As the UK waits nervously, face masks at the ready, for news of a possible easing of the lockdown, many Brits are looking to New Zealand – and specifically its prime minister, Jacinda Ardern – as an example of a leader who is steering her nation through the pandemic with enviable levels of clarity, consistency and calm.
I’m a native Kiwi, and I can confirm that New Zealand is not short on machismo. It’s a sports-mad nation of farmers, foresters, America’s Cup sailors, and the world’s most successful rugby team. So it’s still a pleasant surprise to some of us that our leader is a 40 year-old woman with plenty of heart and the grey matter to match, who just happens to be one of the world’s great communicators.
Ardern’s response has been very different to many older, male leaders of larger countries, who appear to be torn between saving their own skin, saving the economy, and saving lives, and who treat the pandemic as an opportunity for political point scoring and dishing out blame.
Having listened to her expert team (something many of today’s world leaders find foreign) Ardern rallied quickly and calmly to lock down the country. She launched a national communication campaign that was unequivocally clear, totally cohesive across every touch point, and resonated instantly with a mass audience. On that front, she delivered with a success that every global brand dreams of.
Ardern knows the psyche of her sporting nation and the overarching Covid message reflects this with a rallying cry for all New Zealanders to “Unite against Covid-19”. With a clear opposition to beat, the Covid game-plan and playbook were easy to land. “Stay home. Save lives” underpinned the 4 Level Alert System that lays out behaviours and advice for each stage of the response. All part of comms toolkit pushed out to ministers and businesses to post socially. This sounds super simple because it is. Just how we Kiwi’s like things.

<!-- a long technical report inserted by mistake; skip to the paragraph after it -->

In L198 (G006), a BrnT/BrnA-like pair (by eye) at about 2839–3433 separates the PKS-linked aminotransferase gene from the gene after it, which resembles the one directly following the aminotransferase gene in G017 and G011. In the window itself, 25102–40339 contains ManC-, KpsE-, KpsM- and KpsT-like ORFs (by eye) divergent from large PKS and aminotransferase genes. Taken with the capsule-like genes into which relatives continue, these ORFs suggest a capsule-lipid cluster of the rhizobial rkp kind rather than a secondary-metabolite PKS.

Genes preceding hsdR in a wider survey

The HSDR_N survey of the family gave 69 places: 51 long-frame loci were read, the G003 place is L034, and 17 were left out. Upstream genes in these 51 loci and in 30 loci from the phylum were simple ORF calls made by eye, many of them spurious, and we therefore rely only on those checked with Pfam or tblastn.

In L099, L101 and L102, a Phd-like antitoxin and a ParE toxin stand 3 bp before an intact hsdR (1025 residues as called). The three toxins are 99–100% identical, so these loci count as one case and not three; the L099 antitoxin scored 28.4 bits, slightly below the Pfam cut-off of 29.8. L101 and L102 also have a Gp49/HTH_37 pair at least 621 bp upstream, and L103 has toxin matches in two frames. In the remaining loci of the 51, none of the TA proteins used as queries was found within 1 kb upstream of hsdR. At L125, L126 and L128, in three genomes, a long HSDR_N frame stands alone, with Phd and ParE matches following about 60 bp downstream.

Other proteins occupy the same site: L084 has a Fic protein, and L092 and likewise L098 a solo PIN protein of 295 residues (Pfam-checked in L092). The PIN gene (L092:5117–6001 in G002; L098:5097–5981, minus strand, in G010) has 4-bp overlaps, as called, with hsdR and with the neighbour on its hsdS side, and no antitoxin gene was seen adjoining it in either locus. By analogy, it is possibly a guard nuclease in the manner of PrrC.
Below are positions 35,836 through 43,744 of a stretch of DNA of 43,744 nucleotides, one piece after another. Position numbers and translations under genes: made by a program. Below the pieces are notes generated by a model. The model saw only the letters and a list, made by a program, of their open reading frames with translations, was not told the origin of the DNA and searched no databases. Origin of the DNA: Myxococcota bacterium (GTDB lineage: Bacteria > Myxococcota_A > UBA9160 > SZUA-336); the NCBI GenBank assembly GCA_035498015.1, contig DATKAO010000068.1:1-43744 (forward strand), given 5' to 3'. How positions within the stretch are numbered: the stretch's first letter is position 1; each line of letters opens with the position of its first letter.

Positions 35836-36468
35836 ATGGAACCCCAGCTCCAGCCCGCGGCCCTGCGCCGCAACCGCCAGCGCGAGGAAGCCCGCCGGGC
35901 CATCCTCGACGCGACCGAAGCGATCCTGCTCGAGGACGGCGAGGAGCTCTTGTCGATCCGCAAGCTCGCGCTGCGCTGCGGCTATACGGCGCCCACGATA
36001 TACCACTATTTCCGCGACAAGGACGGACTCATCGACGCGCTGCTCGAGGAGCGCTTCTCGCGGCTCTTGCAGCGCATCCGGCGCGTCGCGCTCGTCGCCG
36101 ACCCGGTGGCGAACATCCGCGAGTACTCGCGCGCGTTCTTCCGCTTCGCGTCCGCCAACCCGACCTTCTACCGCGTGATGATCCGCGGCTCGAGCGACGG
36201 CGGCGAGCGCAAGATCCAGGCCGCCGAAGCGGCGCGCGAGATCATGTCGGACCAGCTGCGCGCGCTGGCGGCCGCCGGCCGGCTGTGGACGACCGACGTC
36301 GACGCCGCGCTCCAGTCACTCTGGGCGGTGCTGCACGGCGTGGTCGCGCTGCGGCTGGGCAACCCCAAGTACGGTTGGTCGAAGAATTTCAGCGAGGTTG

Ardern’s real knack has been to unite the country through language, introducing the concept that each household is a “bubble” and encouraging everyone to “Stay in your bubble” and “Be Kind”. Nothing dramatic, no ‘fear-mongering’, instead a tone that reminds everyone she understands the challenge and that we’re all in this together. The ‘bubble’ image is part of the graphic language of the information campaign, and the phrase is repeated in almost every conversation across the country: it makes some people laugh, some roll their eyes, and others mock, but at the end of the day, it makes everyone think at every moment about who they are with and who they should be avoiding. You see the words ‘Be Kind’ on motorway signs and even hear “Be kind” become part of the political discourse as Talk Shows debate the issue of Commercial Landlords vs Businesses that are holding on by a mere thread. Ardern’s compassionate tone as a leader is breeding compassion amongst others.
As a great communicator, Ardern’s regular daily briefings are a lesson in transparency, and consistency. Instead of treating the public like the great unwashed and using the broadcasts as a channel to pump out her own messages on repeat, she listens to questions, responds where she can (with real facts), and follows up later when she needs to.
This level of communication is sustained way beyond the daily briefings. Ardern’s reassurance to kids that the Easter Bunny is a key worker is now legendary, but she is equally skilled at reaching every part of the population. She sparingly but effectively uses sporting analogies that manage to avoid sounding frivolous, so when she says things like, “We may be ahead at half time, but the game isn’t won until full time,” and refers to the possibilities of losing in the last quarter, New Zealand sports fans take note, as they wince at memories of the occasional and all-the-more painful national defeats.
In short, Jacinda and her communications team check every box a global brand could wish to tick, whether there’s a crisis on or not. Yes, her response to the pandemic has been outstanding, but she’s risen to the challenge using skills that are timeless, and with a transparency, understanding and courage that provide a template for marketers (and other leaders) as we move on to the next phase of the Covid-19 response.